Mars CMO: marketers need to release agencies from creative imprisonment

Rosie Baker
By Rosie Baker | 28 October 2015

Fear of dismissal, poor payment terms and too many layers of wardens undermine agencies' ability to produce great brand work for their clients. To get the best work out of creative and media agencies, marketers need to release their partners "from creative imprisonment," according to Bruce McColl, Mars global CMO.

Speaking today at the AANA Reset conference in Sydney, McColl, who has been global CMO of Mars for a decade, said the only way that brands can create great work is to create conditions that help both marketers internally, and agency partners, to flourish.

He advised the marketers and agencies in the room to look at their agency relationships and how they operate.

"Are we creating conditions where they are prisoners or are we creating conditions where they can perform at their ultimate ability and we can have mutual success?" he asked.

"We have to free our agency relationships from creative imprisonment."

The analogy goes that if clients are forcing subsistence rations that stop agencies making a profit, mandatory rules on how to create ads, too many prison wardens leading to decisions by committee, and the threat of death row or being dismissed, then nothing good can come of it.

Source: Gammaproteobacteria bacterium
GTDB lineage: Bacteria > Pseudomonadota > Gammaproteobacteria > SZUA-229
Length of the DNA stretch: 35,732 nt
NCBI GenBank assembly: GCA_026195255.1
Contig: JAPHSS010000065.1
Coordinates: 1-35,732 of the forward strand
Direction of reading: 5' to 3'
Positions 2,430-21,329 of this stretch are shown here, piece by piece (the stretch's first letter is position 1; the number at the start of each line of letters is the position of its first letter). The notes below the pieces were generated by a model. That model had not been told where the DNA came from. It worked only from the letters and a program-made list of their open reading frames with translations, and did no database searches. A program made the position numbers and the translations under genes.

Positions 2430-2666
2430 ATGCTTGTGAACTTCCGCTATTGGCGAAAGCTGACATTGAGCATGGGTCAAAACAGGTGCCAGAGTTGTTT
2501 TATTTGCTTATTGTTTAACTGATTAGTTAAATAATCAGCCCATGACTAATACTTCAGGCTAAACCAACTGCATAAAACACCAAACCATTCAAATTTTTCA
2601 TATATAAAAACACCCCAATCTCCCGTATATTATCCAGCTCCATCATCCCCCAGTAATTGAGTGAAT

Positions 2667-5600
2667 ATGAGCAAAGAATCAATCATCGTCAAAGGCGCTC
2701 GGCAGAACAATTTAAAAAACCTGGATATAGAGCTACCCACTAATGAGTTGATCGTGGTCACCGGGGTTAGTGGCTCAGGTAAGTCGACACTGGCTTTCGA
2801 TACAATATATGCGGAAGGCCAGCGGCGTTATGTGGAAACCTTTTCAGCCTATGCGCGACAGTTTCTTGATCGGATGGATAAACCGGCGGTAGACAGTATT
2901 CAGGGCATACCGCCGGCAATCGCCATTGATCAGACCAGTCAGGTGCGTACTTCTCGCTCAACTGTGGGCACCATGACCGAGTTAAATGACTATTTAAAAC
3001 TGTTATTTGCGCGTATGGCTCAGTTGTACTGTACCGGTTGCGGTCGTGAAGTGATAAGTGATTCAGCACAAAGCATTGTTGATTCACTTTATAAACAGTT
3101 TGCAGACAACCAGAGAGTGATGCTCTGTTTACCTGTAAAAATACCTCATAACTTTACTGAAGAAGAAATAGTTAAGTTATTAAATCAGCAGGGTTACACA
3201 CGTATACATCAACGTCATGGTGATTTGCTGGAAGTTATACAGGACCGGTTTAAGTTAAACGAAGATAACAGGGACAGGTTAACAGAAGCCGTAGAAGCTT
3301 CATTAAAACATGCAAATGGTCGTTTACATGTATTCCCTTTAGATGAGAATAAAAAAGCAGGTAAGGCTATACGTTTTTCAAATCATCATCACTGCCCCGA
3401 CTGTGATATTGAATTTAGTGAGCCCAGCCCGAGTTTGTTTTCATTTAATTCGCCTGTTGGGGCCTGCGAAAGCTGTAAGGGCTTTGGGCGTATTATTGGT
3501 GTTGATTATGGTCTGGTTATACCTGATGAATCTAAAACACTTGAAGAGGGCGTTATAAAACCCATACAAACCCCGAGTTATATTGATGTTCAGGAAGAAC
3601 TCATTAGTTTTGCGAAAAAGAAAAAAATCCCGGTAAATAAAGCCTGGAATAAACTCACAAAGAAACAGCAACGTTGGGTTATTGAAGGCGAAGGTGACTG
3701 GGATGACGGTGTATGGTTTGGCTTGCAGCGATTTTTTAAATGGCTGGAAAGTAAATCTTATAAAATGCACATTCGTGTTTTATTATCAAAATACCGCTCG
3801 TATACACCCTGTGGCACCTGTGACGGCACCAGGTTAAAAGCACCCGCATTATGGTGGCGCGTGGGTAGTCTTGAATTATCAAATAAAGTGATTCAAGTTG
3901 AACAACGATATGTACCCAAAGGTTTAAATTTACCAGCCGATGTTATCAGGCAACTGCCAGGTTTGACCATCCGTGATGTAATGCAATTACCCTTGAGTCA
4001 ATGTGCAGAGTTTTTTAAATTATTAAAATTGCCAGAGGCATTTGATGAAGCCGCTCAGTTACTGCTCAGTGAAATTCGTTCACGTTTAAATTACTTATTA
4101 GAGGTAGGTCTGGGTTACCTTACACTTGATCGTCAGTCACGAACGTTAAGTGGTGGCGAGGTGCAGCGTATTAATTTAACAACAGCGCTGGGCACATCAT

"We have to pay them enough to make a good profit. We want our agency partners to make a good profit - if they don't, they can't recruit the best people to work on our business," he said.

"We want to create four-star advertising and it's worth paying our agent partners enough. The guiding principle is for them to have predictability of revenue, to make sure they are fed and can reward the best talent."

Mandatory rules on what elements must appear in brand communications, he said, create mediocre ads, adding that globally, Mars is trying to "break rules and unleash creativity".

He showed an example of an ad from a few years ago for its Wrigley's Extra gum that was created using a strict formula, including pack shots and product messages, that followed 'the rues' but didn't work, because it wasn't creative.

He then followed up with the latest ad for the brand, that since launching two weeks ago has had more than 100 million shares, because it breaks the rules and taps into emotion.

McColl also lamented the threat of dismissal that often hangs over agency partners and holds back good creative. Within Mars, he introduced a global roster so that Mars works with BBDO, DDB and MediaCom globally, and that no local agency partner can be reviewed or sacked without the CMO and CEO being involved.

"I can't understand how anyone expects to get good work from partners if they are under constant threat of dismissal. We don't want a culture of fear and dismissal from our agencies," he said.

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